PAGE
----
Henrico IV is the last of six complete works for the stage that Johann Mattheson composed between 1699 and 1711. The piece was finished on January 12, 1711, and premiered under Mattheson’s direction on February, 9.
The plot takes place at the Castilian court at Valladolid and centres around the political intrigues Henry IV of Castile and Leon was involved in after his marriage to Joanna of Portugal in 1455. Other aspects of the king’s reign are also alluded to in the plot, so that altogether the period until 1468/69 is covered. Thus the background to the action is Castile in the state of a political vacuum represented by the regency of Henry IV just before the “catholic” royal couple Isabella of Castile and Ferdinand of Aragon seized power.
Henry IV’s character, his marriage to Joanna, and the parentage of his daughter were represented by his contemporaries with a view to the legitimacy of Isabella the Catholic’s claims to power. The king was said to be sterile; he also carried the byname “El Impotente” or “The Powerless”. He was also described as weak, extravagant and melancholic; further weaknesses that exposed him to attacks from his opponents were his bizarre appearance and unusual way of dressing, but also his openness towards other religions. It was believed that his daughter was the child of his protégé Beltran de la Cueva, which earned her the byname “la Beltraneja”. Only recently have researchers realised that these claims may have been part of a deliberate political campaign of slander within noble circles.
This delicate topic was treated after an anonymous French text by the librettist Johann Joachim Hoë (dates unknown), who was active in Hamburg between 1711 and 1717. Particularly charming is the Spanish flair of the dances and the brief choral interruptions in Spanish during the great bullfight scene at the end of the second act. The “high” figures are accompanied by the “comic trias” consisting of Alfonso’s servant Alardo, Elvira’s chambermaid Petronella, and her temporary “lover” Timo, a servant of the queen. In this way the motif of the two men fighting over a woman – Bertrand and Alfonso fighting over Joanna – is taken up a second time on the comic level.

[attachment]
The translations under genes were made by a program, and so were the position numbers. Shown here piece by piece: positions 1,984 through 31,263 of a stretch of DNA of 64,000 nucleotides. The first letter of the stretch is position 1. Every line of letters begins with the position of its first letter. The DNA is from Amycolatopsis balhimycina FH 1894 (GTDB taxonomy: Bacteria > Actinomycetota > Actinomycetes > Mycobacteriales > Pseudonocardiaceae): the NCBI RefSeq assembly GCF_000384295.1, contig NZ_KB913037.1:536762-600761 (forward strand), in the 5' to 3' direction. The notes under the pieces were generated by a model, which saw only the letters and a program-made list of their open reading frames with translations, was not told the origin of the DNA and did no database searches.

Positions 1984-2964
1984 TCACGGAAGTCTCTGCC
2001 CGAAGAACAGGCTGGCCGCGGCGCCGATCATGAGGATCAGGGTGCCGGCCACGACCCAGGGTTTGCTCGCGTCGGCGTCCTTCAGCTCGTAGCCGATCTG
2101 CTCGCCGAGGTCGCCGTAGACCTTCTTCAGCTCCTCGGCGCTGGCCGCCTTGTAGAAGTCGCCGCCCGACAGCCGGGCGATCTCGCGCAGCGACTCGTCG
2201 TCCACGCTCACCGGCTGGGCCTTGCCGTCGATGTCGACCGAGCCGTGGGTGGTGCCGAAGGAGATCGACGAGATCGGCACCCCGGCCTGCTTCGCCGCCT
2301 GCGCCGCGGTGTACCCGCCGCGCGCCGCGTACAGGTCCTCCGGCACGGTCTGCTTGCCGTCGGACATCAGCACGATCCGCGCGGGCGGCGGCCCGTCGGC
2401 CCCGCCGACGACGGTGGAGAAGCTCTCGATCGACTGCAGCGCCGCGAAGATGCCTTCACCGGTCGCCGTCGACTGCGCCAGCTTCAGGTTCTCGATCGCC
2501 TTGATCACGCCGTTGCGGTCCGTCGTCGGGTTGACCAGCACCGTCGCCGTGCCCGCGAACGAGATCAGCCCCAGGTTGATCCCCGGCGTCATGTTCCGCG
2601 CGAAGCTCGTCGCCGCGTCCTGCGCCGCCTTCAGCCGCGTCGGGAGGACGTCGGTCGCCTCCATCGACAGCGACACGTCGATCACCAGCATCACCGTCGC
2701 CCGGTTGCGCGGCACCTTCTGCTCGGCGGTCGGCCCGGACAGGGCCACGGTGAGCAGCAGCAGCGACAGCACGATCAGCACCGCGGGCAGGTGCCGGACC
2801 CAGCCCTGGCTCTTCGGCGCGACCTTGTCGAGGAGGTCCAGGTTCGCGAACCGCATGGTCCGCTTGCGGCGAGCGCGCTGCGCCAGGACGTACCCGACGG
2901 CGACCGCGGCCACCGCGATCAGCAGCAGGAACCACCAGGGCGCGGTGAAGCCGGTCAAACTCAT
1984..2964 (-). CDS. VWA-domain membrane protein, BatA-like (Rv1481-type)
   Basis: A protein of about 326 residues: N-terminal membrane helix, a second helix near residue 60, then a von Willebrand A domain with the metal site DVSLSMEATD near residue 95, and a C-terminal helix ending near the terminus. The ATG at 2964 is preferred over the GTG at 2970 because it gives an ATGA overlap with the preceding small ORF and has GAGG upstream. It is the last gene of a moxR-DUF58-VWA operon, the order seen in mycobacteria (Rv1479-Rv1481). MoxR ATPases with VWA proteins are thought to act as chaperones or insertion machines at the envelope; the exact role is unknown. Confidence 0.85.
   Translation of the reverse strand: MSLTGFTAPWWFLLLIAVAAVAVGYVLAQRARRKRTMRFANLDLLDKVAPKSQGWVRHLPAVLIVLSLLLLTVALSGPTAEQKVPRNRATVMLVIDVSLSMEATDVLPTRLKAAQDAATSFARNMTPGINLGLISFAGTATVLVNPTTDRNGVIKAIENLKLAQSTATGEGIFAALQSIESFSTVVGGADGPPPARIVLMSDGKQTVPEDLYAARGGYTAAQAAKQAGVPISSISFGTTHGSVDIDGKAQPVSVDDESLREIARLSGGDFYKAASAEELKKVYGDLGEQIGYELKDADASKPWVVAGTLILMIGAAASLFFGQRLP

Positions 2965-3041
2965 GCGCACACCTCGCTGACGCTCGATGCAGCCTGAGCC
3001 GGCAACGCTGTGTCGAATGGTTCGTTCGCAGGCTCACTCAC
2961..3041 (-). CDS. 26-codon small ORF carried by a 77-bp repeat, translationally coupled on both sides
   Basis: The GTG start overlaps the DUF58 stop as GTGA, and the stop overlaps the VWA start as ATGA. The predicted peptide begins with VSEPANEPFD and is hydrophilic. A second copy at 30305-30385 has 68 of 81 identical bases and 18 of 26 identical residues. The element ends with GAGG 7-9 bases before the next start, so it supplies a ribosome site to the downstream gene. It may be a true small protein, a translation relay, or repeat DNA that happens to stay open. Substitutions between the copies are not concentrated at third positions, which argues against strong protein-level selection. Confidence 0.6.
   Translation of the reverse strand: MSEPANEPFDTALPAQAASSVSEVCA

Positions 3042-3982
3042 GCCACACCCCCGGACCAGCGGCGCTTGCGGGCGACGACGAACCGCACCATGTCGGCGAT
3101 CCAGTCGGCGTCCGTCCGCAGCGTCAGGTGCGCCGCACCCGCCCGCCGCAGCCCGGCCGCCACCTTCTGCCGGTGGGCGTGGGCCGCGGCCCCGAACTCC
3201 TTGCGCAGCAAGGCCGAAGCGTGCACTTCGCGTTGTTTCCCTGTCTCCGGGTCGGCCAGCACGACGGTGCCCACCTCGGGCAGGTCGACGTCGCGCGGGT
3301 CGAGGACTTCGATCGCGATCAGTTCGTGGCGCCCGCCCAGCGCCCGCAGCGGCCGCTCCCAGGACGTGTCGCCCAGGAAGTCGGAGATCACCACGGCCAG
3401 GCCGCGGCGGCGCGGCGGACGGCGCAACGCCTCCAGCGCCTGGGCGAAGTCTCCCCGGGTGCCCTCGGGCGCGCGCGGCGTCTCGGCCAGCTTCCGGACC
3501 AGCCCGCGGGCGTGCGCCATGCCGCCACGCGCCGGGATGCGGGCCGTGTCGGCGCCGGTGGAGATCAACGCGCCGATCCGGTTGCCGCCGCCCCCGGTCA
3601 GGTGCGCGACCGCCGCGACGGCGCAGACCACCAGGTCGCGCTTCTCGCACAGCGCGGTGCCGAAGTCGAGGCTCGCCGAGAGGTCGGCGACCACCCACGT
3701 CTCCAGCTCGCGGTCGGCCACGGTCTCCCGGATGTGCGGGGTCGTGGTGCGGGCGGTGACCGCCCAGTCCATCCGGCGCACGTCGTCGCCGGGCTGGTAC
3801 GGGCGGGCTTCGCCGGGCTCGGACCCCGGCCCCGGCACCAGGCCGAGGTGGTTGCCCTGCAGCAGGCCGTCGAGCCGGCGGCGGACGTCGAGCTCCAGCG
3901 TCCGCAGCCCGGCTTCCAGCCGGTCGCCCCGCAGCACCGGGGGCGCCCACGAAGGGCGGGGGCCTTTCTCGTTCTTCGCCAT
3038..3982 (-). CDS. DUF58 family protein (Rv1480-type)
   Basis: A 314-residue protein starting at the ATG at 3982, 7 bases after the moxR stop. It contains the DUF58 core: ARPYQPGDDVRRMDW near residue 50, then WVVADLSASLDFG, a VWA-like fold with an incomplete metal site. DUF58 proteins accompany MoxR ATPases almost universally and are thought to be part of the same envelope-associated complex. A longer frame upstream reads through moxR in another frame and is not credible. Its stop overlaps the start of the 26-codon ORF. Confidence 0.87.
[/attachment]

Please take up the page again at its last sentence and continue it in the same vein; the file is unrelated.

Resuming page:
The music of this opera is of great lavishness. Mattheson uses a colourful and highly flexible orchestra. Flutes, oboes, bassoons and strings (violins, viola d’amore) are employed in various ways, at times with highly virtuosic solo passages. The diversity of forms is larger than in any other of his operas. In addition to da capo arias there are numerous through-composed ternary forms, various two-part aria types, and extended choruses and ensembles.
(Hansjörg Drauschke, translation by Stephanie Wollny)